Ice sheet melt identified as trigger of Big Freeze

Mar 31, 2010

The main cause of a rapid global cooling period, known as the Big Freeze or Younger Dryas - which occurred nearly 13,000 years ago - has been identified thanks to the help of an academic at the University of Sheffield.

A new paper, which is published in Nature today, has identified a mega-flood path across North America which channelled melt-water from a giant ice sheet into the oceans and triggering the Younger Dryas .

The research team, which included Dr Mark Bateman from the University of Sheffield's Department of Geography, discovered that a mega-flood, caused by the melting of the Laurentide ice sheet, which covered much of North America, was routed up into Canada and into the .

This resulted in huge amounts of fresh water mixing with the salt water of the Arctic Ocean. As a result, more sea-ice was created which flowed into the North Atlantic, causing the northward continuation of the Gulf Stream to shut down.

Without the heat being brought across the Atlantic by the Gulf Stream, temperatures in Europe plunged from similar to what they are today, back to glacial temperatures with average of -25oC. This cooling event has become known as the Younger Dryas period with cold conditions lasting about 1400 years. The cold of the Younger Dryas affected many places across the continent, including Yorkshire in the Vale of York and North Lincolnshire which became arctic deserts with and no vegetation.

Before now, scientists have speculated that the mega-flood was the main cause of the abrupt cooling period, but the path of the flood waters has long been debated and no convincing evidence had been found establishing a route from the ice-sheet to the North Atlantic.

The research team studied a large number of cliff sections along the Mackenzie Delta and examined the sediments within them. They found that many of the cliff sections showed evidence of sediment erosion. This evidence spanned over a large region at many altitudes, which could only be explained by a mega-flood from the over-spilling of Lake Agassiz, which was at times bigger than the UK, at the front of the Laurentide rather than a normal flood of the river.

Dr Bateman, who has been researching past environmental changes both in the UK and elsewhere in the world for almost 20 years, runs the luminescence dating lab at Sheffield. The lab was able to take the MacKenzie Delta sediment samples from above and below the mega-flood deposits, and find out when the mega-flood occurred, enabling its occurrence to be attributed to the start of the Younger Dryas.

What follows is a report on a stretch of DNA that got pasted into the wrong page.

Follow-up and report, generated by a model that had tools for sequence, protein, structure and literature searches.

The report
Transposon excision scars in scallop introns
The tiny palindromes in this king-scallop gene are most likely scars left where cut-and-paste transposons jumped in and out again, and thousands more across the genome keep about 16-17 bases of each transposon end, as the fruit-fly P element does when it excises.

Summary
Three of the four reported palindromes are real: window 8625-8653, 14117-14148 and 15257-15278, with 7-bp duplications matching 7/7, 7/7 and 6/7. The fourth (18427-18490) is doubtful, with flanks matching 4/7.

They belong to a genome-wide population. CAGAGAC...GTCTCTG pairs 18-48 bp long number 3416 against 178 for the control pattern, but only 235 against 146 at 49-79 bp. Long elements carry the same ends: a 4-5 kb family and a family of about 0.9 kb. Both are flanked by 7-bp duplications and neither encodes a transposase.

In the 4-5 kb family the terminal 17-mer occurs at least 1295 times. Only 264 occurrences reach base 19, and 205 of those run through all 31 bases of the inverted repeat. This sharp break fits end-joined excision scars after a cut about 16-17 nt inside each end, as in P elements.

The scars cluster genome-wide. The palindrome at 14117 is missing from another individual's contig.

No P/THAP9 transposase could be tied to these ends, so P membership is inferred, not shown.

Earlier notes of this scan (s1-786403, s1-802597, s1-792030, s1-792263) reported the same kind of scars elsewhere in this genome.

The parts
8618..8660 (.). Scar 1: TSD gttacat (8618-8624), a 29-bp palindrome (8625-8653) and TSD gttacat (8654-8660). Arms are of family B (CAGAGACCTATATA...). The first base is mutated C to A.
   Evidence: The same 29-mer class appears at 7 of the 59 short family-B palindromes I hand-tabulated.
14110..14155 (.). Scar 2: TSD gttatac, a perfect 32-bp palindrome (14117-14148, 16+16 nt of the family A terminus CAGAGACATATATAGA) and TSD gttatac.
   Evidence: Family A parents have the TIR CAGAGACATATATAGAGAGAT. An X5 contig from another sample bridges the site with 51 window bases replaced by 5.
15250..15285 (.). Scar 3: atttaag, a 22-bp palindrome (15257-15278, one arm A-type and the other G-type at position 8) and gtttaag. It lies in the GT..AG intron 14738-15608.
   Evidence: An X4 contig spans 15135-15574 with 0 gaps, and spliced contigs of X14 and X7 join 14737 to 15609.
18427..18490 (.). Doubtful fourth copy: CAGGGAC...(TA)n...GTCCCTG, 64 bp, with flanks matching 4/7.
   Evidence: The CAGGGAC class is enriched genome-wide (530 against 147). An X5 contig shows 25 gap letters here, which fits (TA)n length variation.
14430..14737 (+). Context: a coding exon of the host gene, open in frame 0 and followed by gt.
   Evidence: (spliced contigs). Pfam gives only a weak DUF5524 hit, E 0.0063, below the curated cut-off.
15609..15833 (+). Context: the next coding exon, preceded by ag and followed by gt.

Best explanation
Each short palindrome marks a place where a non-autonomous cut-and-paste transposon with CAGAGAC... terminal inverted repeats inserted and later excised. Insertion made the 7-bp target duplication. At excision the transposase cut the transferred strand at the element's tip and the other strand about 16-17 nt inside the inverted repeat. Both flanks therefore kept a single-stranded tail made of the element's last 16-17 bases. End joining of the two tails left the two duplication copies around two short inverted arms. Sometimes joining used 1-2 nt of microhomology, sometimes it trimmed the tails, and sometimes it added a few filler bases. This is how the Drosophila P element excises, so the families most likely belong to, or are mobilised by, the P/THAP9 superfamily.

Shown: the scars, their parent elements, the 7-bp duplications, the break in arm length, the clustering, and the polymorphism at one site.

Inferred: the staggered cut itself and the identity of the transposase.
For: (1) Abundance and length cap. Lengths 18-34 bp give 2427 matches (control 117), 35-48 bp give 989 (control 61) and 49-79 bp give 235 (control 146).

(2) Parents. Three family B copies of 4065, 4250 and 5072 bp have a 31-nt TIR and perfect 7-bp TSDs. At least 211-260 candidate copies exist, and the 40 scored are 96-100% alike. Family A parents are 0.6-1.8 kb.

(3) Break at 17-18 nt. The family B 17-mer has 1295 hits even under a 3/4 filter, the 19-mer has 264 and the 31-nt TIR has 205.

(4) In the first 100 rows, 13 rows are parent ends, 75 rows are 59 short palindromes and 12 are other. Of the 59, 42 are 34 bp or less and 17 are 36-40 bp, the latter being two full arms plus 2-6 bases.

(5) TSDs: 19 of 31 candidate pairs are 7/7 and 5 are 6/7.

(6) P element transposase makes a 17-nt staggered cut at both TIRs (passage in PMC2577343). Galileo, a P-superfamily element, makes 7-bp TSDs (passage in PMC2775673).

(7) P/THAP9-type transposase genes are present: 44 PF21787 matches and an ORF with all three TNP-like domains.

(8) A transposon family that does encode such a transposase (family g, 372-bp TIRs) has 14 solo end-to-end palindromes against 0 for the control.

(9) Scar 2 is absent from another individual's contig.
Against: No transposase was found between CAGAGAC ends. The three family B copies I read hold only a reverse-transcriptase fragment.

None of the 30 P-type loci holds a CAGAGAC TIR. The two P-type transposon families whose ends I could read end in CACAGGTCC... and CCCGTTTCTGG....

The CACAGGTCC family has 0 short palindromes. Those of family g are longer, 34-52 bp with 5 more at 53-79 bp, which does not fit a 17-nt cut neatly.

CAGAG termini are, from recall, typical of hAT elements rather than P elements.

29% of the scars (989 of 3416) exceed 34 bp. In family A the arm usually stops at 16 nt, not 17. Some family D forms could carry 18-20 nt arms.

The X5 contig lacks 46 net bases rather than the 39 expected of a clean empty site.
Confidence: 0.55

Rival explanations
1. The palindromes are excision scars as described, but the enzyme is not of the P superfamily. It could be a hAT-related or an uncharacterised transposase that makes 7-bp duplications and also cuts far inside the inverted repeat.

The study will help shed light on the implications of fresh water input into the North Atlantic today. There are current concerns that changes in the salinity of the ocean today, could cause another shut down of the . Current climate changes, including global warming, may be altering the planetary system which regulates evaporation and precipitation, and moves fresh water around the globe.

The findings, which show the cause, location, timing and magnitude of the mega-flood, will enable scientists to better understand how sensitive both oceans and climates are to fresh-water inputs and the potential climate changes which may ensue if the North Atlantic continues to alter.

Dr Mark Bateman, from the University of Sheffield's Centre for International Drylands Research at the Department of Geography, said: "The findings of this paper through the combination of luminescence dating, landscape elevation models and sedimentary evidence allows an insight into what must have been one of the most catastrophic geological events in recent earth's history. They also show how events within the Earth-climate system in North America had huge impacts in Europe."

Explore further: Experts express concern over cyclone trends in the British-Irish Isles

More information: The paper, entitled ‘Identification of Younger Dryas outburst flood path from Lake Agassiz to the Arctic Ocean’ was published in Volume 464 (7289) of Nature: Julian B. Murton, Mark D. Bateman, Scott R. Dallimore, James T. Teller and Zhirong Yang.

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2.7 / 5 (3) Mar 31, 2010
This does not bode well for global warming fans such as myself.